• Stacie Mountain

Overcoming Depression

I’ve struggled with depression for as long as I can remember. I look back at pictures of me as a small child and I see the sadness in my eyes.

Does this mean I spend my days crying?


To be honest I RARELY cry about anything. I used to when I was a hormonal teenager, because I really had no control over my emotions, but today… depression washes over me as numbness, uneasiness, negative thoughts and beliefs, low energy, and a feeling of hopelessness. When depression is bubbling up to the surface my house gets messy. I become scatterbrained and unable to organize my thoughts. I am extremely exhausted, and daily habits like taking a shower seem like a massive obstacle to overcome. I feel empty, and I want to fill the void with something that makes me feel different – food, relationships, sex, booze, exercise, shopping, etc… something that will quickly change my state.

For more than 3 decades of my life these quick fixes were the tools that I used to manage my depression, but none of them actually made me happier after the immediate rush of endorphins I got from compulsive behaviors. No, after the “rush” was over I was often left feeling worse about myself and my situation. Now I had to deal with the consequences of my actions. I would then beat myself up for being so stupid and impulsive.

It was miserable.

I am happy to say that I no longer go through life this way. Yes, I still deal with depression… quite frequently to be honest. But, now I realize that my body is having a physiological response to something. Maybe I ate something inflammatory? Maybe I’m not getting enough sun light? Maybe I’m running myself ragged taking care of everyone else, and not giving my mind a few brief moments to reset? Maybe my body is remembering a time where I was hurt in the past because someone said or did something that hit a nerve of some past hurt, and re-opened that wound? Maybe I’m dehydrated? Maybe I’m deficient in a vitamin or mineral? Maybe it’s been too long since I let myself laugh? Maybe I haven’t stopped to take a deep breath? Maybe I haven’t connected with God lately?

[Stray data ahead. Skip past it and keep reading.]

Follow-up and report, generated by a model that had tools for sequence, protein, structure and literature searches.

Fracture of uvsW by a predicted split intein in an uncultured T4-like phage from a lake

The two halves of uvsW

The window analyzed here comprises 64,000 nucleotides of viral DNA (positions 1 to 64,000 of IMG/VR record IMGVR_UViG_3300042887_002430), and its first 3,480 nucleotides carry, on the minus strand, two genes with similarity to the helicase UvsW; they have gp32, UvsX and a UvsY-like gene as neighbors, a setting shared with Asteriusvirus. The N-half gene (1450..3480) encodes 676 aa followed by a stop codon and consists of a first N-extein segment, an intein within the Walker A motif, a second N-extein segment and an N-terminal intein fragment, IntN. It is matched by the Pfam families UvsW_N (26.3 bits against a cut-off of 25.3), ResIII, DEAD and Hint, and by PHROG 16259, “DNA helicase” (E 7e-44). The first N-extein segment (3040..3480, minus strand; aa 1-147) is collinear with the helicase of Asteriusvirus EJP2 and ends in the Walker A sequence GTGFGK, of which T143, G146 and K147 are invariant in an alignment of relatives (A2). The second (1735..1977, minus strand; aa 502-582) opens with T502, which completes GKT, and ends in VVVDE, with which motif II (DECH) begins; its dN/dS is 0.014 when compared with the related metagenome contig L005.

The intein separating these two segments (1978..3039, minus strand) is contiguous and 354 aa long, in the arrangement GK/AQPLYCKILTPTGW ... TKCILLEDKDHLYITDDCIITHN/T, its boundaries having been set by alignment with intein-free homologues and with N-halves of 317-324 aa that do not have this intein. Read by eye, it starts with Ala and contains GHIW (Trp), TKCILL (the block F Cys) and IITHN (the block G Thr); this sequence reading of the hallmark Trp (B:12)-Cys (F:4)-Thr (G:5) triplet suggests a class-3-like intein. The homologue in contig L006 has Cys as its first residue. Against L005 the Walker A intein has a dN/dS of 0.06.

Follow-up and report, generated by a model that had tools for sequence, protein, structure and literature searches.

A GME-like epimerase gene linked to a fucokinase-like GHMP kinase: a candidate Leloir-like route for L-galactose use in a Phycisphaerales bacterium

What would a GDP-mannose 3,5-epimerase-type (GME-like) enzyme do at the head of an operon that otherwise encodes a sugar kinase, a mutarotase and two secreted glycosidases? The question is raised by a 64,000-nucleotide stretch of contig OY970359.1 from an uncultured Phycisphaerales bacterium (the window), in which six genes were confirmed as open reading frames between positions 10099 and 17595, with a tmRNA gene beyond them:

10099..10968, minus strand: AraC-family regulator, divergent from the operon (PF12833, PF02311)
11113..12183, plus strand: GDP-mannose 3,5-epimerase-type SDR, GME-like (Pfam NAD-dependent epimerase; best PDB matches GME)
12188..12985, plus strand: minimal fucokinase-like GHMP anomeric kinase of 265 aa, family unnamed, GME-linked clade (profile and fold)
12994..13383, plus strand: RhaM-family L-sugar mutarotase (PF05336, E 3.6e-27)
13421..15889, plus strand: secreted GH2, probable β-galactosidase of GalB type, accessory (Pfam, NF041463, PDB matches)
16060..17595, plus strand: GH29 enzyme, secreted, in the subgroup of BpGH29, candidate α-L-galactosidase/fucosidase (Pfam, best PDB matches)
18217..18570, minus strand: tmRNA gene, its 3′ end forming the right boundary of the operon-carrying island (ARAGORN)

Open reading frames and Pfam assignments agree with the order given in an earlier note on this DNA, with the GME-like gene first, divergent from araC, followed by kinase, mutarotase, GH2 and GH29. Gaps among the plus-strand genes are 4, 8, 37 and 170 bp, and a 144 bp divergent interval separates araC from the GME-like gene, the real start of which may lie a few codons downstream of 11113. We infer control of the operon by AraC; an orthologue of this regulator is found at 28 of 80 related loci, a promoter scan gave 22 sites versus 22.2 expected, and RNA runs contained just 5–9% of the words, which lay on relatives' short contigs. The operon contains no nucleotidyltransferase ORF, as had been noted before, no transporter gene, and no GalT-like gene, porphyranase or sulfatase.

There are so many internal and external factors that influence our mindset. It’s not a moral failing to feel depressed… it’s simply an opportunity for us to recognize these feelings, and try to determine what our body needs to feel better. Now because I have become very in touch with the signals my body is telling me, I am better able to identify what I need to give it to feel better… to feel happy… to feel joy.

My most recent example of this was just last week. I have been feeling depressed for months… even though I am genuinely happy with the circumstances of my life. Everyday I felt dread. Everyday I felt exhaustion. Everyday I felt overwhelm. I didn’t know why though? I have accomplished more than I ever thought possible for myself. I have everything I need. I have more than so many other people… yet, I was depressed.

Being this way used to send me into a shame spiral…

Why can’t I just be happy? What’s wrong with me? Why can’t I snap out of this? Why does everyone else seem to be happier and more put together than me? Why am I so broken? It will never get better. Life will never be better for me. I deserve to not have the successes that others have because I can’t even appreciate what I have now… how fucking selfish of me.